Let’s Talk: Garlic

I shall not pretend to be an expert on garlic. You see, I only just planted my patch last fall. They’ve not even produced a crop so you certainly shouldn’t take advice from me. But I will tell you how I went about choosing my variety. Onward!

Time to Maturity: N/A. Bulbs are produced asexually from the previous year’s crop. This means you have to plant in the fall to get a crop next summer.

Diseases & Pests: Basal Rot, White Rot, Botrytis Rot, and Penicillium Decay. Rotating beds is key- but if you run into persistent issues with these, consider growing them in containers.

Key Words: Look for hardneck vs. softneck. Hardnecks don’t store as well as softnecks, but hardnecks do give you scapes. Some say hardnecks have more complex and varied flavors. Softnecks are what you will find in the grocery store.

Image result for hardneck vs softneck garlic
Image via GrowOrganic.com

Elephant Garlic will be a variety you see along with hardneck and softnecks. It is technically from the Leek family, but the taste is mild and the cloves are massive. It behaves more like a hardneck and will also provide scapes.

There will be plenty of flavor and heat indicators in the descriptions. There should also be descriptions of best use- fresh, roasted, etc. Keep an eye out for size descriptors, if you want large cloves there will be options (including Elephant Garlic).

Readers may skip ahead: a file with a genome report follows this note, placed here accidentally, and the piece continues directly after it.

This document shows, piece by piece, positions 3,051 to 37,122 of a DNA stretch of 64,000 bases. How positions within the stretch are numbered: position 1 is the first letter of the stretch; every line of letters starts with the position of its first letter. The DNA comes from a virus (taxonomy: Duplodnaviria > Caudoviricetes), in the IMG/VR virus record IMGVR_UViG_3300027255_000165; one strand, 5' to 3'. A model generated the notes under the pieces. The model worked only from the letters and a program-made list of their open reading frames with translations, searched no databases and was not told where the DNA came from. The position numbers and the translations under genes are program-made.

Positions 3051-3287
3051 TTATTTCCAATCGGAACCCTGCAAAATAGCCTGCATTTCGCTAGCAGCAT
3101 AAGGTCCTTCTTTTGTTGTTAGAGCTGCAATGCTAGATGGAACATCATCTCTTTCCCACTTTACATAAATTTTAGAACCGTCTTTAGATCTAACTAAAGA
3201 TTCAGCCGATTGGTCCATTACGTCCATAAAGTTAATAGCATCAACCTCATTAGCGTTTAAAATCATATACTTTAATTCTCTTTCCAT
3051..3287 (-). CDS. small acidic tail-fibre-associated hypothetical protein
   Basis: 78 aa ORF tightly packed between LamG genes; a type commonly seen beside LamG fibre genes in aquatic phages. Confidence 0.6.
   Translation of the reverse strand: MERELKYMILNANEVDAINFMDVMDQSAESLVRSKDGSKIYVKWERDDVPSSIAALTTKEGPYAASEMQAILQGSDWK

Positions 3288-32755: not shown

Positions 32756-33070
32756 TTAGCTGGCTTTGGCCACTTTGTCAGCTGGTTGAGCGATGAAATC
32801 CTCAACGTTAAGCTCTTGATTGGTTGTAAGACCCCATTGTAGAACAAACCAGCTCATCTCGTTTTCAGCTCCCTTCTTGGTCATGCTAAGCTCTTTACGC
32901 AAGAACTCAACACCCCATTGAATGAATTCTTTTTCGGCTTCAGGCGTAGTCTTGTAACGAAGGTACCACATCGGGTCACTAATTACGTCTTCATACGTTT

Use: Where can’t one use garlic???

My Favorites: It probably isn’t fair to call Elephant Garlic my favorite, but it is what we planted last year. Mostly because the softnecks are so readily available and I like the idea of less peeling. I prefer milder flavored garlic, especially for fresh use in salsa and I don’t plan to (this year) preserve any beyond roasting. If the experiment goes well, we may add to the garlic collection with something like Spanish Roja (hardneck) or Nootka Rose (softneck).

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What varieties of garlic do you all grow? Do you grow it at all?

2 thoughts on “Let’s Talk: Garlic

  1. The number of varieties was reduced this year, but the favorites (all hardnecks) were planted: Killarney Red and Deerfield Purple are always best, but Mary Jane and Romanian Red did well, too. Khobor and Rosewood were much smaller than usual, but it was a terrible year for alliums in our area. Nothing is storing as well as usual, and the shallots were dismal!

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